In addition to Union Station, four station buildings along the Barrie Line are federally protected by the Heritage Railway Stations Protection Act. At Allandale Waterfront and Newmarket stations, historic station buildings remain but are used for other purposes, while at Aurora and Maple stations, the historic stations buildings continue to be in use.[30]

Station Opened Parking spots Notes
Allandale Waterfront January 28, 2012 120 Federally designated heritage railway station
Barrie South December 17, 2007 628
Innisfil Est. 2024
Bradford September 7, 1982 93
East Gwillimbury November 1, 2004 637
Newmarket September 7, 1982 265 Federally designated heritage railway station
Mulock Est. 2024
Aurora September 7, 1982 1,725 Federally designated heritage railway station
King City September 7, 1982 375
Kirby Est. 2024
Maple September 7, 1982 1,146 Federally designated heritage railway station
Rutherford January 7, 2001 983
York University September 6, 2002 0 To be closed upon opening of Downsview Park station
Downsview Park Est. 2018 Connection to TTC - Line 1 - Yonge-University-Spadina line.svg Yonge-University line
Caledonia Est. 2020 Connection to TTC - Line 5.svg Eglinton Crosstown line
Lansdowne Est. 2024 Connection to TTC - Line 2 - Bloor-Danforth line.svg Bloor-Danforth line
Spadina Est. 2024 Connection to BSicon CLRV.svg  510  Spadina streetcar
Union September 7, 1982 0

Services[edit]

The Barrie line has weekday service consisting of five trains southbound from Barrie and two trains southbound from Maple in the morning, and seven trains northbound to Barrie from Union Station in the afternoon.[31]

As of 2017, weekend service consists of 10 southbound and 9 northbound trains per day. Three trips in each direction cover the full route from Toronto to Barrie, while the remainder operate between Toronto and Aurora. Trips terminating in Aurora have connecting GO bus service to Barrie.[31]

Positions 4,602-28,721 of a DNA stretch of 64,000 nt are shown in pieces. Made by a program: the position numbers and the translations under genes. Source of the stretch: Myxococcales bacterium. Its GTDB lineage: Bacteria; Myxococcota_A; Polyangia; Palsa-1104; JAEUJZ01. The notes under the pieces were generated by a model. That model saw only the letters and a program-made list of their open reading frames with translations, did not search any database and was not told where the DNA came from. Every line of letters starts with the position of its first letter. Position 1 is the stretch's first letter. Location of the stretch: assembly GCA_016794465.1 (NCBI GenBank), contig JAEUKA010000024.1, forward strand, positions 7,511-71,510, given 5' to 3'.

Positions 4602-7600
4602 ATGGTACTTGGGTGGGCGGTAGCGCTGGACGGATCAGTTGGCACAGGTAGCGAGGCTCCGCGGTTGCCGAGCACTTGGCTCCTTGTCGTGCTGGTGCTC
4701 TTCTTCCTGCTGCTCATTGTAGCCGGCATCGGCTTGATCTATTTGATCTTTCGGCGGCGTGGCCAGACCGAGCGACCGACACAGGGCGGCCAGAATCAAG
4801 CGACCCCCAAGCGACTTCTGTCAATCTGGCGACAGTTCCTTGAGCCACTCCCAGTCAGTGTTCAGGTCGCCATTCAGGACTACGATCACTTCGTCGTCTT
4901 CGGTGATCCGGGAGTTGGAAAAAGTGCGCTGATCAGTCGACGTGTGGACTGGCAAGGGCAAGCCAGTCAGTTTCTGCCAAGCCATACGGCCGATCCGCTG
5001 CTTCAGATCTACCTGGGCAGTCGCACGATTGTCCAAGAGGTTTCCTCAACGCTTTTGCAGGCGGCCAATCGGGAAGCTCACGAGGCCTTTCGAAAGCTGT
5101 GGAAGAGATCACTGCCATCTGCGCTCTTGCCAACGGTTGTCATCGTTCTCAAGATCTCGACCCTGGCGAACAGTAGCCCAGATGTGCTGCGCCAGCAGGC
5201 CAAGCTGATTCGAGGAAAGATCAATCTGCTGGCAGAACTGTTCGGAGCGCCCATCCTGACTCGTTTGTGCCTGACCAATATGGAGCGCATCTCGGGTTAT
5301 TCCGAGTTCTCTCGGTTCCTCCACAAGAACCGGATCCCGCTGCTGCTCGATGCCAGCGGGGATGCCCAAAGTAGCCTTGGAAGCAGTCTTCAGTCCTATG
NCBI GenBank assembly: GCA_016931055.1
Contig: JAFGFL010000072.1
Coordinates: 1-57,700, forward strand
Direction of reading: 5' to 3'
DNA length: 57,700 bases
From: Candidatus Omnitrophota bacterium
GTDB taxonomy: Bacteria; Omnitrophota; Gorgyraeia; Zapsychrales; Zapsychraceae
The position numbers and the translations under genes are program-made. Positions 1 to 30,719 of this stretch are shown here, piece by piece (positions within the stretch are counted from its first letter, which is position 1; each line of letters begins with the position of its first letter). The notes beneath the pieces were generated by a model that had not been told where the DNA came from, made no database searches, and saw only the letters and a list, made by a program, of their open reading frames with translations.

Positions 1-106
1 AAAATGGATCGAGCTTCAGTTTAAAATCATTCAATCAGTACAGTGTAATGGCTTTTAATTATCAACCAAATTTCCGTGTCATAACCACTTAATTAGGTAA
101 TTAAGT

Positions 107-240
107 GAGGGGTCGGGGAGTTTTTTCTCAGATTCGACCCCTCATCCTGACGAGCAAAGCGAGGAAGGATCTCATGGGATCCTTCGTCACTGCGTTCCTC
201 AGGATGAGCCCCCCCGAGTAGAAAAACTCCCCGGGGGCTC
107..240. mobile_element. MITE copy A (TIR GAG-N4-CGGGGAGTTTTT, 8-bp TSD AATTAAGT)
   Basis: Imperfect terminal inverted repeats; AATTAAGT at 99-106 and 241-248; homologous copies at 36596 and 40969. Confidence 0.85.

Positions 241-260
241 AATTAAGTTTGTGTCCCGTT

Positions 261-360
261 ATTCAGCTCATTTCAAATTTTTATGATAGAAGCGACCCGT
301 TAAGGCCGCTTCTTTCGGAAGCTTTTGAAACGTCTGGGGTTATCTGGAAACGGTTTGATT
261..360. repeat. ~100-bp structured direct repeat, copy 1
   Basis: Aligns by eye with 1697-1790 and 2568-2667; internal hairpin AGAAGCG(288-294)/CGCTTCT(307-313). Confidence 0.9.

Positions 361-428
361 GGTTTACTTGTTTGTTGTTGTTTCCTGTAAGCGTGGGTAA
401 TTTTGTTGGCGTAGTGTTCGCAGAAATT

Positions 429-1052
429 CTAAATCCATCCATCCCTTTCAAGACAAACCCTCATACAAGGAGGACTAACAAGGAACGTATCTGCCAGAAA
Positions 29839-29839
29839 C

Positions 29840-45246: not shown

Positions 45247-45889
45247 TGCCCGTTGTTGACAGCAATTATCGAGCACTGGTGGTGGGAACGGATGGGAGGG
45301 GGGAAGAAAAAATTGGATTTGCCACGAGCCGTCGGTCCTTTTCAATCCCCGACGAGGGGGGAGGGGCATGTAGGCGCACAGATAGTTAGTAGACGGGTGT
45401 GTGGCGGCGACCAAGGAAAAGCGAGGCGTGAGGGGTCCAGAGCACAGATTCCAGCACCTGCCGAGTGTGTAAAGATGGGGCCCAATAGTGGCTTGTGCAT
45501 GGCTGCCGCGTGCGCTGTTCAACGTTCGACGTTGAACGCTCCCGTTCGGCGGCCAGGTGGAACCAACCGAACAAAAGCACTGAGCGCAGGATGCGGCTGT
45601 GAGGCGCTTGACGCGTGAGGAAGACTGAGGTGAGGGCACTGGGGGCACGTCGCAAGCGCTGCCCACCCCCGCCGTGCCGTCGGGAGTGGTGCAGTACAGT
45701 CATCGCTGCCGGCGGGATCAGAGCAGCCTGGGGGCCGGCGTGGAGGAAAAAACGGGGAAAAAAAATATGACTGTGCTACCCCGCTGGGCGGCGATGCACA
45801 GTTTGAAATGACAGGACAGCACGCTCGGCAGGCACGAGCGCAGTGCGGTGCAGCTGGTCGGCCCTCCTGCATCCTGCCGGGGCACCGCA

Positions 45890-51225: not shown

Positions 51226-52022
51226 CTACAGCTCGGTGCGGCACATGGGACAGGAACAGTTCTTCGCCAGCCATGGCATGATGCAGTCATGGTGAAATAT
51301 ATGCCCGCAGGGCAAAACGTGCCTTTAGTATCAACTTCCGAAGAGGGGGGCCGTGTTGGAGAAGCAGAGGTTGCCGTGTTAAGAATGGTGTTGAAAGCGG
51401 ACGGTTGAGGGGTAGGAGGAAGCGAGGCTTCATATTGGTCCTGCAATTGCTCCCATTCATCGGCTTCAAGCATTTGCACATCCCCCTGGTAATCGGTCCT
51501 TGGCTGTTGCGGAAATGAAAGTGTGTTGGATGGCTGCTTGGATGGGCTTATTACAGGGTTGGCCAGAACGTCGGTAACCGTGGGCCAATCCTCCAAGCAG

During the times and directions that train service does not operate, service is provided by GO bus routes 63 (Toronto-King City), 65 (Toronto - Newmarket) and 68 (Newmarket - Barrie).[31]

The maximum speed on the line is 128 kilometres per hour (80 mph), between Bradford and Barrie South.[2] Trains are limited to 24 kilometres per hour (15 mph) in some parts, but can sustain speeds of at least 80 kilometres per hour (50 mph) over most of the line.[2]

Connections[edit]

The Barrie line makes connections with:

Future[edit]

Capacity expansion[edit]

Second track under construction in 2015 between Rutherford and York University stations

In April 2015, the government of Ontario announced that as part of a broad GO Transit expansion project called Regional Express Rail, service on the Barrie line would increase from 7 daily train trips to over 20 daily train trips by 2020.[32][a] The service expansion will also add 12 weekend trains in each direction by 2017, and 10 off-peak weekday trips in each direction by 2018.[32] The railway electrification system is expected to be completed by 2024 from Union Station in Toronto to Aurora.[32]

Starting in mid 2017, weekday service will be expanded from seven trains in each direction to 18 trains in each direction.[33]

Davenport Diamond grade separation[edit]

The Davenport Diamond is an at-grade rail-to-rail crossing of the GO Barrie line and east-west CP Rail North Toronto subdivision tracks near Davenport Road in Toronto. In order to increase service frequency on the Barrie Line, GO Transit has identified the need to remove the diamond and build a grade separated crossing. In 2015 Metrolinx initiated a Transit Project Assessment Process (an environmental assessment process specific to transit projects) based on the preferred option of construction an overpass to carry the GO line over the east-west CP Rail line. This process anticipates a start of construction in 2017.[34][35]